The only way to prevent such excesses is to issue specific directives to all executives on how to use their resources, and to check compliance with these directives by written reports,inspection teams, etc. In short, one has to subject the military to a bureaucratic apparatus and regulation. Military leaders are told what to do when and where, and hiring decisions are made dependent on general standards, that is, on criteria that do not take account of the individual requirements of particular times and places.

At least as far as the selection of personnel is concerned,however, such reforms will be doomed to failure. There is only one way to test the ability of a person: Let him do the job and see whether he can do it. A person hired by a voluntary defense organization will soon have shown whether he is suited for his position because such an organization constantly has to prove its military effectiveness. Only if it is sufficiently effective, will it continue to be patronized. Yet in compulsory organizations,all the tests take place in an artificial environment. For example, one cannot tell whether a soldier or officer is too ruthless or not ruthless enough, or whether he accomplished his task with a sufficient amount of accuracy. For his ruthlessness and the accuracy of his work cannot be judged without standard. And in compulsory organizations, this very standard is arbitrary to a larger degree than in voluntary agencies.

Thus we see that private defense agencies, while enjoying all virtues of compulsory schemes, do not suffer from certain specific disadvantages of the latter. In particular, they are likely to attract and select more capable personnel, and they will react to the military requirements of any given situation in a far more flexible way.

However, so far we have only dealt with small private units,as they are typical in guerrilla warfare. Our foregoing considerations about economic and military efficiency would thus merely imply that, given equally small units, the private secessionist forces would have a comparative advantage over the government troops. Yet as a matter of fact, government troops are typically much larger in size. Are our small private units able to confront these large and concentrated forces of the government’s army?

Before we pursue this question any further, let us observe that such a confrontation might not be necessary in the first place. The purpose of the secession is to break the compulsory ties between the secessionists and a government which they no longer accept. It concerns only the secessionists. It does not concern those who wish to continue to be ruled and protected by the government. Therefore, it is at least conceivable that, asa result of a successful secession, the government troops remain in the seceding lands, to protect the loyal subjects. The territory would then no longer be politically homogeneous, but sprinkled in the colors of the secession and of the government. There is no reason to assume that such a setting would be inherently unstable and plagued by violence, so that we can go on with our original question.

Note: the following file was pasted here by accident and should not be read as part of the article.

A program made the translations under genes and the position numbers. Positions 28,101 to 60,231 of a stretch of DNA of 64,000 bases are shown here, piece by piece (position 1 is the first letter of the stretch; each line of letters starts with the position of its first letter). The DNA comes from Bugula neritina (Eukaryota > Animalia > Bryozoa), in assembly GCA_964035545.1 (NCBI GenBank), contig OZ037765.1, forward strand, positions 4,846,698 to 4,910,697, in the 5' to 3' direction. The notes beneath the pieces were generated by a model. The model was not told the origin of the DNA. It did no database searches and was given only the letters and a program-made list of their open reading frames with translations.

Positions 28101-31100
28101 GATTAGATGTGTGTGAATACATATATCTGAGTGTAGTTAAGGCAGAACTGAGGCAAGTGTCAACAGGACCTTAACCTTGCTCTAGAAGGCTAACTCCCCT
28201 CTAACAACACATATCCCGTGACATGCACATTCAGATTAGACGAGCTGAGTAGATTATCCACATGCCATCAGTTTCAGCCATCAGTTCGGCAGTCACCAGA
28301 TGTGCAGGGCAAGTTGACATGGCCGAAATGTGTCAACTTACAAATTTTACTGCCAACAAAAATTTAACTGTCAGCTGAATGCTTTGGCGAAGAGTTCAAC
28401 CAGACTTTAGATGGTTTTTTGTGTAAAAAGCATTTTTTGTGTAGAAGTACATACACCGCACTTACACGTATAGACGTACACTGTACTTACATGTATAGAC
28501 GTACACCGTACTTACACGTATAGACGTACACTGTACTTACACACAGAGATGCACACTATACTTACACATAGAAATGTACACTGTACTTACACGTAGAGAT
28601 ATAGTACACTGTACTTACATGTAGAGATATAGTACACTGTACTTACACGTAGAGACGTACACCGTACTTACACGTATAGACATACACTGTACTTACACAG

Thus, suppose that all inhabitants of a given territory wanted to secede, but that the government troops refused to quit the country. Suppose furthermore that the troops could not rightfully claim any piece of land in the territory as their own.They would then clearly be aggressors, and the inhabitants would be entitled to expel them. Yet, how can the secessionists do this? Can they build an army of comparable size to beat the enemy in the open field?

Again, we first should raise the question of whether the secessionists need to build up a big army in the first place. We have already mentioned that our libertarian partisans enjoy the advantage of operating on the basis of the same principle of respect for and defense of private property. This is a powerful organizing principle, which gives a common direction to all their scattered individual actions and which makes sure that they hit the right target in all instances. Thus, to a very large extent, they can do without a common agency. They do not need the unity of command, since they enjoy the unity of principle.

We have pointed out the benefits and limits of this stage of the secessionist struggle. Decentralized organization in small units can be sufficient to make the costs of ruling unbearably high. Yet in most cases, it will not be sufficient to rid the country of the government troops and, thus, of the tax men.

The government troops must be beaten if they do not go on their own. Can they be beaten? This depends essentially on whether the government can concentrate enough forces in the seceding territories to beat any secessionist army. If it can, the formation of larger units will be futile, and the secessionists are best advised to continue their guerrilla struggle until better opportunities arise. If the government cannot mobilize enough forces, then the formation of larger secessionist units is advisable. This can be effectuated under the three forms of concentration known from civil business: (1) growth, (2) merger, and (3) joint venture.

The possibility to form big private armies through growth and merger is amply illustrated by history. In fact, all armies are in a way “private,” since they are controlled by one agency. And during most of history, armies were owned by individual human beings, the warlords, who personally led their forces on the battlefield. Famous owner-warlords of the past include Alexander the Great, Caesar, Attila, Otto the Great, Wallenstein, and Frederick the Great.

Yet even short of merger and growth, history has demonstrated again and again that, in times of dire crisis, private defense organizations have formed joint ventures to meet great threats. At crucial junctures in the history of Western civilization, such independent troops have spontaneously joined forces to confront overwhelming enemies. Examples are the battles against the Huns in 451 A.D., against the Saracens in 732A.D., against the Magyars in 955 A.D., against the Turks in 1683, against Napoleon in 1813, and against Hitler in 1941–45. Even secessionist movements have successfully practiced military joint ventures, for example, in the case of the Netherlands and Switzerland.

To sum up, private defense organizations are ceteris paribus more effective than compulsory organizations. Successful secessionist warfare does not necessarily require the expulsion of the government troops, but it might lead to different, equally satisfying settings. Expulsion of the enemy requires a concentration of troops of similar size, which in turn can be accomplished in ways common to other forms of business.

We would love to hear your thoughts on this